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AIDS Foundation Houston Names John Huckaby as its New CEO

The not-so-newcomer has been associated with the org since the early '90s.

AFH’s John Huckaby has been named CEO.

A familiar face has assumed the helm at AIDS Foundation Houston (AFH). John Huckaby recently accepted the title of CEO, after having been associated with the organization since the early ’90s. He took this leadership position after a stint with the American Red Cross in Houston and Tulsa, Oklahoma.

“The opportunity to come home to AIDS Foundation Houston brought me back. I have watched this organization grow [over the years],” he says. “I remember the people who have worked here, the thousands of volunteers, the people who show up for the annual AIDS Walks and AIDS Luncheons. Their courage always inspired me, and it was a great joy to come home and serve this great organization when I saw the opportunity.”

Huckaby’s initial desire to get involved with the nonprofit stemmed from his experiences at a young age. He cites his family’s values as a large component of his passion for community service.

“Our parents instilled in us a sense of social responsibility—caring for one another, and a sense of looking beyond ourselves to the needs of the greater community. We were taught to see our lives as a sense of vocation—a calling to do good,” Huckaby explains.

He also recalls the AIDS-related death of a family member, and reading the obituaries of deceased Texans, as factors in his calling.

“We grew up in the age of the trauma and crisis of HIV/AIDS, and I remember all the pioneers who inspired me, and feeling the need to be a part of this effort. I wanted to fight this disease and bring dignity to the people who suffered, and I still feel strongly about that today,” he says.

Huckaby first started working at AFH as a case manager handling direct client care. He says he would meet people in their homes and help them navigate their needs. “I helped put together a plan of care for them to live their best lives, until the end of their lives. That was the great majority of what we did in the late ’80s and ’90s, when HIV/AIDS progressed quite rapidly and people died quickly,” he said.

Since then, his job responsibilities within AFH have shifted as treatments—and the needs of HIV/AIDS-affected communities—have evolved. “Some things have changed, and some things have remained the same. We have medicines today that have the ability to help people [who are at risk for] HIV to remain free from the virus. PrEP is easy to take and adhere to [as prevention] therapy. With the advances in social media, we have new ways of reaching out to target populations that we didn’t have 30 years ago,” he says. “We have advancements in the treatment of HIV itself so that patients can achieve undetectability. If [the virus is] undetectable, it’s not transmittable. This is a huge benefit in the fight.”

He added that one battle AFH still fights is the stigma of HIV, and the fear of getting tested and learning the result.

“Seventeen percent of people with HIV in Houston don’t know they have HIV, and that’s a huge concern for us,” he emphasizes.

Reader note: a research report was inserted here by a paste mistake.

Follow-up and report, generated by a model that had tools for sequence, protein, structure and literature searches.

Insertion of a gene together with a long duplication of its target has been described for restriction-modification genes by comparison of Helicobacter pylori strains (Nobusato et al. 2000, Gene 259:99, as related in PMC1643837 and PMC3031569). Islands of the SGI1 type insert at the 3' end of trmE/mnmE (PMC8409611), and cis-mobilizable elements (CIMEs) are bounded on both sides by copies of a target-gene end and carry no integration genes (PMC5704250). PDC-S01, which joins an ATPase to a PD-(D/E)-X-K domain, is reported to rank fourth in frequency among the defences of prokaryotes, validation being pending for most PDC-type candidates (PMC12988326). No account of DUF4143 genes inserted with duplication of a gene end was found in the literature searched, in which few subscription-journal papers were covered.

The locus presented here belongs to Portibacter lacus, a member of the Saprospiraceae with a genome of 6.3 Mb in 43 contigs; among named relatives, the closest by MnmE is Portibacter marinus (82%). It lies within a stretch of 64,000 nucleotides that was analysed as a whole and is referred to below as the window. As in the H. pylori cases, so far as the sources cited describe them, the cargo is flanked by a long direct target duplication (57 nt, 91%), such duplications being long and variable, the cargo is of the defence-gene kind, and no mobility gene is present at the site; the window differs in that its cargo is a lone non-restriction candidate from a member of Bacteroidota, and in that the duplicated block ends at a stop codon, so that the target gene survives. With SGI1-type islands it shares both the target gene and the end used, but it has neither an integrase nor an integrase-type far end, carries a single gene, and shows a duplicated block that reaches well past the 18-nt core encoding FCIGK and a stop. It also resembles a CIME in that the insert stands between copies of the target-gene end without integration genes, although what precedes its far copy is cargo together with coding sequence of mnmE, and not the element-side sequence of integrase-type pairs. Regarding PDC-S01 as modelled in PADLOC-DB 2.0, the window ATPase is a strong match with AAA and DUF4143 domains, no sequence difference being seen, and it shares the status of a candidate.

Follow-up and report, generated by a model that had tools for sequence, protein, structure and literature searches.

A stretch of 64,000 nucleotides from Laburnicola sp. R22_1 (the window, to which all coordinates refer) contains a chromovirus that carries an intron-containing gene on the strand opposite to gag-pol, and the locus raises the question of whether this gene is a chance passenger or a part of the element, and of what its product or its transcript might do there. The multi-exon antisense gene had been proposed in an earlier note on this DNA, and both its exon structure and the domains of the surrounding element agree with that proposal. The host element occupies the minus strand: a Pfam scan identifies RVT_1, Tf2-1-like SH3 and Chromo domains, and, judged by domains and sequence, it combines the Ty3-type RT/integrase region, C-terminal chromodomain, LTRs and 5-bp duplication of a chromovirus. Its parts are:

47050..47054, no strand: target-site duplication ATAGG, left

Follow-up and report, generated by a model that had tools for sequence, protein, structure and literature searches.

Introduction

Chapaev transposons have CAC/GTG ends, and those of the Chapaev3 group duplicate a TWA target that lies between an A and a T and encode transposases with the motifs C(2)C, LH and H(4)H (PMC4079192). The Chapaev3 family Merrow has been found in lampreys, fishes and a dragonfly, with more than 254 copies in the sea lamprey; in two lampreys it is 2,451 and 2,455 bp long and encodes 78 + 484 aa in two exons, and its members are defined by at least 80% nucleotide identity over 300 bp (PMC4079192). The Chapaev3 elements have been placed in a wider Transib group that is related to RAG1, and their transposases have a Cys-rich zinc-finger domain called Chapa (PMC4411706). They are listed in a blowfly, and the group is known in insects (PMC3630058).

With such a history at AFH, Huckaby has seen the changes throughout the years and has plans for guiding the organization in its mission to lead Houston to zero new infections.

From its humble beginnings, AFH has always been a grassroots organization that is supported and elevated by the LGBTQ community. Huckaby credits the group’s leaders and activists with making AFH what it is, and helping it to join the national conversation about the AIDS crisis.

“This is how we were founded, and we’ve never forgotten our roots,” he says.

Over the years, with its Ryan White CARE Act and other national funding, AFH has grown in its ability to further commit to AIDS prevention and client care. Robust programs include a variety of community-testing opportunities, a PrEP clinic, and targeted community intervention in the city and beyond. AFH has also bolstered its ability to provide supportive housing and wellness services for the area’s most vulnerable groups, which include people living in poverty, homeless populations, and the incarcerated.

Now that he is leading AFH, Huckaby looks to the future with even sharper focus and drive.

“First of all, we want to ensure that our prevention teams have all the resources they need as they go out into the community and conduct outreach programs to provide testing and [promote PrEP treatment] for people who need it, and to make sure we are partnering,” he says. “Partnerships are key. I see us partnering closely with the community and [its healthcare] providers so that we are offering all the wrap-around care to make sure people remain in care. We want to be fully engaged with people who support us.”

He emphasizes that partnerships, especially within the LGBTQ community, are vital. “[AFH values] good partners in the LGBTQ community because we know where we have come from, and we know that support is so critical.”

In addition to the bridge-building that AFH fosters throughout the area, there’s one special partnership that keeps Huckaby going—the one with his lover, Sheng Chung, who is a professor of art education at the University of Houston. The Montrose residents enjoy gardening and the outdoors, traveling, the company of family, and the companionship of their dog, Baby Girl.

This article appears in the July 2019 edition of OutSmart Magazine.

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Sam Byrd

Sam Byrd is a freelance contributor to Outsmart who loves to take in all of Houston’s sights, sounds, food and fun. He also loves helping others to discover Houston’s rich culture. Speaking of Houston, he's never heard a Whitney Houston song he didn't like.
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